Alterations in the Functional Knee Alignment Are Not an Effective Strategy to Modify the Mediolateral Distribution of Knee Forces During Closed Kinetic Chain Exercises

in Journal of Applied Biomechanics

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Will BoschDepartment of Applied Physics, University of Eastern Finland, Kuopio, Finland

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Amir EsrafilianDepartment of Applied Physics, University of Eastern Finland, Kuopio, Finland

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Paavo VartiainenDepartment of Applied Physics, University of Eastern Finland, Kuopio, Finland

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Jari ArokoskiDepartment of Physical and Rehabilitation Medicine, Helsinki University Hospital and University of Helsinki, Helsinki, Finland

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Rami K. KorhonenDepartment of Applied Physics, University of Eastern Finland, Kuopio, Finland

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Lauri StenrothDepartment of Applied Physics, University of Eastern Finland, Kuopio, Finland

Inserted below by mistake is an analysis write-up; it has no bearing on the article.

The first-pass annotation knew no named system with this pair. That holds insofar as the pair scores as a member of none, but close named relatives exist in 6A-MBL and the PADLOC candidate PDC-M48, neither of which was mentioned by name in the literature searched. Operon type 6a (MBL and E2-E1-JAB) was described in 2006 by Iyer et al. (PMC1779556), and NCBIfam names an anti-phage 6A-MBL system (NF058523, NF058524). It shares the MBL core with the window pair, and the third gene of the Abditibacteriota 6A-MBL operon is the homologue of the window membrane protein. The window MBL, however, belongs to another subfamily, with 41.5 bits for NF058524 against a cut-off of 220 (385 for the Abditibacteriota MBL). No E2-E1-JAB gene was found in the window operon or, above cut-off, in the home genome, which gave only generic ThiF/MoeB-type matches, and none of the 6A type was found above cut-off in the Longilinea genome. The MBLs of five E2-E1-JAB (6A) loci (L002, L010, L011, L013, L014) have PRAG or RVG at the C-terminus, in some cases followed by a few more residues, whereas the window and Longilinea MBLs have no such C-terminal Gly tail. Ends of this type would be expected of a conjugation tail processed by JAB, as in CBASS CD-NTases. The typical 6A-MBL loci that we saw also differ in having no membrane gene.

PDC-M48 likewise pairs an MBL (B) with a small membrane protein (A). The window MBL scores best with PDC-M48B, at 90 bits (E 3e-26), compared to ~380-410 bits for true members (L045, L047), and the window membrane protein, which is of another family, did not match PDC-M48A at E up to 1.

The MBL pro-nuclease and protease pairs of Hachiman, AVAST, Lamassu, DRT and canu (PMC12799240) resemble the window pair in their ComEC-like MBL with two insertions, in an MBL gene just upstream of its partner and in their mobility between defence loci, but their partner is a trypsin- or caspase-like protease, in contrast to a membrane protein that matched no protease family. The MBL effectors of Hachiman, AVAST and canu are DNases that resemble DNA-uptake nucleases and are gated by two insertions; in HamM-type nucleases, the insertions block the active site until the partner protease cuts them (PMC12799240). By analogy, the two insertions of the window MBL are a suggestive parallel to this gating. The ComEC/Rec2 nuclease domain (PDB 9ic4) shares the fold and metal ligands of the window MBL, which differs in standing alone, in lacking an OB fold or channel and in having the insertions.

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Pain felt while performing rehabilitation exercises could be a reason for the low adherence of knee osteoarthritis patients to physical rehabilitation. Reducing compressive forces on the most affected knee regions may help to mitigate the pain. Knee frontal plane positioning with respect to pelvis and foot (functional knee alignment) has been shown to modify the mediolateral distribution of the tibiofemoral joint contact force in walking. Hence, different functional knee alignments could be potentially used to modify joint loading during rehabilitation exercises. The aim was to understand whether utilizing different alignments is an effective strategy to unload specific knee areas while performing rehabilitation exercises. Eight healthy volunteers performed 5 exercises with neutral, medial, and lateral knee alignment. A musculoskeletal model was modified for improved prediction of tibiofemoral contact forces and used to evaluate knee joint kinematics, moments, and contact forces. Functional knee alignment had only a small and inconsistent effect on the mediolateral distribution joint contact force. Moreover, the magnitude of tibiofemoral and patellofemoral contact forces, knee moments, and measured muscle activities was not significantly affected by the alignment. Our results suggest that altering the functional knee alignment is not an effective strategy to unload specific knee regions in physical rehabilitation.

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